Postdoctoral Fellow Dr. Valerie Carson co-authored two papers on physical activity that were recently published. The first paper, “Years of life gained due to leisure-time physical activity in the U.S.,” was published in the American Journal of Preventive Medicine. The second paper, “Physical activity intensity and cardiometabolic risk in youth,” was published in the Archives of Pediatric and Adolescent Medicine. Citation information is below.
Janssen I, Carson V, Lee I-M, Katzmarzyk PT, Blair SN. Years of life gained due to leisure-time physical activity in the U.S. Am J Prev Med 2013; 44(1): 23-29.
ABSTRACT: Background: Physical inactivity is an important modifıable risk factor for noncommunicable disease. The degree to which physical activity affects the life expectancy of Americans is unknown. Purpose: This study estimated the potential years of life gained due to leisure-time physical activity in the U.S. Methods: Data fromtheNationalHealth andNutrition Examination Survey (2007–2010);National Health Interview Study mortality linkage (1990–2006); and U.S. Life Tables (2006) were used to estimate and compare life expectancy at each age of adult life for inactive (no moderate to vigorous physical activity); somewhat-active (some moderate to vigorous activity but 500 MET minutes/week); and active (500METminutes/week ofmoderate to vigorous activity) adults. Analyses were conducted in 2012. Results: Somewhat-active and active non-Hispanic whitemen had a life expectancy at age 20 years that was2.4 years longer than that for the inactivemen; this life expectancy advantage was 1.2 years at age 80 years. Similar observations were made in non-Hispanic white women, with a higher life expectancy within the active category of 3.0 years at age 20 years and 1.6 years at age 80 years. In non-Hispanic blackwomen, asmany as 5.5 potential years of lifewere gained due to physical activity. Signifıcant increases in longevity were also observed within somewhat-active and active non-Hispanic black men; however, among Hispanics the years-of-life-gained estimates were not signifıcantly different from 0 years gained. Conclusions: Leisure-time physical activity is associated with increases in longevity.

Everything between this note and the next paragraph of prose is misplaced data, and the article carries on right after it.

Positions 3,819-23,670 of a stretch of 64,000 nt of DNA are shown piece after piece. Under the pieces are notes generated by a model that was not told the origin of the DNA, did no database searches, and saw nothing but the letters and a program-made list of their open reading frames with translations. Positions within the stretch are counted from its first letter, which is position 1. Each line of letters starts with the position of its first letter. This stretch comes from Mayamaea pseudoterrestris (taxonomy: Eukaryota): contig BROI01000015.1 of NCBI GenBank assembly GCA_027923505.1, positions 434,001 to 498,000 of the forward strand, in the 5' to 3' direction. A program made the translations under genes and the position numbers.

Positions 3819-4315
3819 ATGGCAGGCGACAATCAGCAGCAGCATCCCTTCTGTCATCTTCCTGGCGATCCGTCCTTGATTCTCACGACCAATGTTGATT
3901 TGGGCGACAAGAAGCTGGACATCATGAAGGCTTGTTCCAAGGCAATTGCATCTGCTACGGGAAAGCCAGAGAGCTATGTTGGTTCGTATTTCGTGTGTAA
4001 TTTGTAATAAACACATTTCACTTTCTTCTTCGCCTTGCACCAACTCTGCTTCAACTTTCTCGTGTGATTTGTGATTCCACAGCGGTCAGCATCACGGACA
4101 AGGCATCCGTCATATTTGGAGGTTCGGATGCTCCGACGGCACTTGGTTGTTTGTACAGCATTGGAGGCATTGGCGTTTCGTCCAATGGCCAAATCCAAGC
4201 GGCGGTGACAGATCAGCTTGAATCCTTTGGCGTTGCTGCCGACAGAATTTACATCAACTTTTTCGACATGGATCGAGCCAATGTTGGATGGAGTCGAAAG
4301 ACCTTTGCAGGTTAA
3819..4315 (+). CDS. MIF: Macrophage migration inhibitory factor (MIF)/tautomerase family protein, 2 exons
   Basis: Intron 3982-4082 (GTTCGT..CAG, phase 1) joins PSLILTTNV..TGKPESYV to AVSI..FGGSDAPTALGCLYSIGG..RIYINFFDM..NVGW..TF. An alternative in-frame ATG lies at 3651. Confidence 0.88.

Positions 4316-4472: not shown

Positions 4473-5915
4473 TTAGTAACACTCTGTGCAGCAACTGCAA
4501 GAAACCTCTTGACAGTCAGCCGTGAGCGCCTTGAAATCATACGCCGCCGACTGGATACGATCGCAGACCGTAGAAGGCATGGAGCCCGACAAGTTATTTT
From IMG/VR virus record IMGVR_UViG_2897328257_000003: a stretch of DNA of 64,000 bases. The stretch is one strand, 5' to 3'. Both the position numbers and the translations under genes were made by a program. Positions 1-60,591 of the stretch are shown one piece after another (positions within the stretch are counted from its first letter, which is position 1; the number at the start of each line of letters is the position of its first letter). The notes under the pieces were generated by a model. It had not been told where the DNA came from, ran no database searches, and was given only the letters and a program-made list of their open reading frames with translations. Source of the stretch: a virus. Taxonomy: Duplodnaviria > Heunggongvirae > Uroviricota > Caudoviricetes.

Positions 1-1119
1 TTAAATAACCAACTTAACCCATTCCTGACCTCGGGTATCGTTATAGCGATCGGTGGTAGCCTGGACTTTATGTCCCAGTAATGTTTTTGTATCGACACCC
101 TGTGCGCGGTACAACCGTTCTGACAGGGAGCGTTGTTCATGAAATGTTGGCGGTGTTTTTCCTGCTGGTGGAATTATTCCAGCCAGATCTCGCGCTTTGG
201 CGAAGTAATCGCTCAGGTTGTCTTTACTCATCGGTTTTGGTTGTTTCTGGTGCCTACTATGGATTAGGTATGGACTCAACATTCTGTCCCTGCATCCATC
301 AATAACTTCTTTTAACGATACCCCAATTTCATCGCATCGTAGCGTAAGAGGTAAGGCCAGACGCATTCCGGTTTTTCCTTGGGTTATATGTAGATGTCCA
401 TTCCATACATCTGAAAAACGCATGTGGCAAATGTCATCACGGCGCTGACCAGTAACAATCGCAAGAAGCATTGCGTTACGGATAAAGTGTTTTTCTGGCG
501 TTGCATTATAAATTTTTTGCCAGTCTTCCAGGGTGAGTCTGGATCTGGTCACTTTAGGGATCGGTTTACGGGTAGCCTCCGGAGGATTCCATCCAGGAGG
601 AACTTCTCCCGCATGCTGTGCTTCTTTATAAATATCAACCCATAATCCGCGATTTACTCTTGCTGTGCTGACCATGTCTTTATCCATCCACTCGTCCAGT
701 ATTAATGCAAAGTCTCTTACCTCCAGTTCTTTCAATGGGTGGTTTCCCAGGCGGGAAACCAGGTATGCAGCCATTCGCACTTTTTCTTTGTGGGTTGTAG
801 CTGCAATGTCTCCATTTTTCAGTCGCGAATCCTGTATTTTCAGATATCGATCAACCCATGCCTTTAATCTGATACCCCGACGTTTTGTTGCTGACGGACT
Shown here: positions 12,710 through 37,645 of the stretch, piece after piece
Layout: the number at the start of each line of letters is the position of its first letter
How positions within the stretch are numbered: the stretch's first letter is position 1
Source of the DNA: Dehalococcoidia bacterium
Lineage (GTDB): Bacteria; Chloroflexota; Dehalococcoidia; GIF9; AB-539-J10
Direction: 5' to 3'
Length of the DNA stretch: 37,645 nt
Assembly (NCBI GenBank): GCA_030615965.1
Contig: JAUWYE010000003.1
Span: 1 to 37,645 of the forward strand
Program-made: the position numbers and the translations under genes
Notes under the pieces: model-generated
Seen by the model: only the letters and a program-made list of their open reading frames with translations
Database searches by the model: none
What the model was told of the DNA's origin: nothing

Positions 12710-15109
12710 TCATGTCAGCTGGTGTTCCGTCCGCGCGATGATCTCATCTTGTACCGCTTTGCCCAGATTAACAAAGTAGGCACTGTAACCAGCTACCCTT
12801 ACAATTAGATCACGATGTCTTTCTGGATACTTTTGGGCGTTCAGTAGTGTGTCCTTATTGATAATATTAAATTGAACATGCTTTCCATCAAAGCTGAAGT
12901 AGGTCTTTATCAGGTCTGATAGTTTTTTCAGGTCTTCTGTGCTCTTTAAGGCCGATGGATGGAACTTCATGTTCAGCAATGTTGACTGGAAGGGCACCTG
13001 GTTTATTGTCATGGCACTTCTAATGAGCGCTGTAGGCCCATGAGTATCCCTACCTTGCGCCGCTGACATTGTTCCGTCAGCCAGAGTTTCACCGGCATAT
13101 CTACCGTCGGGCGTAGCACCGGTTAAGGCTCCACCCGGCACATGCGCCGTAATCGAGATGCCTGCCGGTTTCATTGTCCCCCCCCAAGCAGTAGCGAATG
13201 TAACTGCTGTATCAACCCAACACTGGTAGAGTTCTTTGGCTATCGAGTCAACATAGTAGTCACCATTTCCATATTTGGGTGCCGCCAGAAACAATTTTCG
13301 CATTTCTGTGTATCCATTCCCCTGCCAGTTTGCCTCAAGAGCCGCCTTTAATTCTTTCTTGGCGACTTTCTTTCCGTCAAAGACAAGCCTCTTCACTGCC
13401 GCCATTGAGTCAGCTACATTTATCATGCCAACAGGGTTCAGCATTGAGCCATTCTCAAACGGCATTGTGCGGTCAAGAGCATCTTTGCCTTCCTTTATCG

Hay J, Maximova K, Durksen A, Carson V, Rinaldi RL, Torrance B, Ball GD, Majumdar SR, Plotnikoff RC, Veugelers P, Boulé NG, Wozny P, McCargar L, Downs S, Lewanczuk R, McGavock J. Physical activity intensity and cardiometabolic risk in youth. Arch Pediatr Adolesc Med. 2012 Sep 10:1-8. doi: 10.1001/archpediatrics.2012.1028. [Epub ahead of print]
ABSTRACT: OBJECTIVE To determine the association between physical activity (PA) intensities and cardiometabolic risk factors in youth. DESIGN Cross-sectional study using data from the 2008 Healthy Hearts Prospective Cohort Study of Physical Activity and Cardiometabolic Health in Youth. SETTING Rural and urban communities in Alberta, Canada. PARTICIPANTS A convenience sample of 605 youth aged 9 to 17 years. Youth were on average aged 12.1 years, 248 were boys (41%), and 157 were overweight or obese (26%). MAIN EXPOSURE Actical accelerometer-measured PA intensity. MAIN OUTCOMES MEASURES The primary outcome was body mass index (calculated as weight in kilograms divided by height in meters squared) z score. Secondary outcome measures included waist circumference, systolic blood pressure, and cardiorespiratory fitness (maximal oxygen consumption [[Vdot]O2max]). RESULTS Body mass index z score, waist circumference, and systolic blood pressure decreased and [Vdot]O2max increased in a dose-response manner across tertiles of vigorous PA (adjusted P < .001). No significant differences in cardiometabolic risk factors were seen across tertiles of moderate or light PA in multivariable analyses. Achieving more than 7 minutes of vigorous PA daily was associated with a reduced adjusted odds ratio of overweight status (0.56; 95% CI, 0.33-0.95) and elevated systolic blood pressure (0.36; 95% CI, 0.16-0.79). The odds of overweight status and elevated blood pressure decreased with increasing time and intensity of PA. CONCLUSIONS Only vigorous PA was consistently associated with lower levels of waist circumference, body mass index z score, systolic blood pressure, and increased cardiorespiratory fitness in youth. These findings underscore the importance of vigorous PA in guidelines for children and adolescents.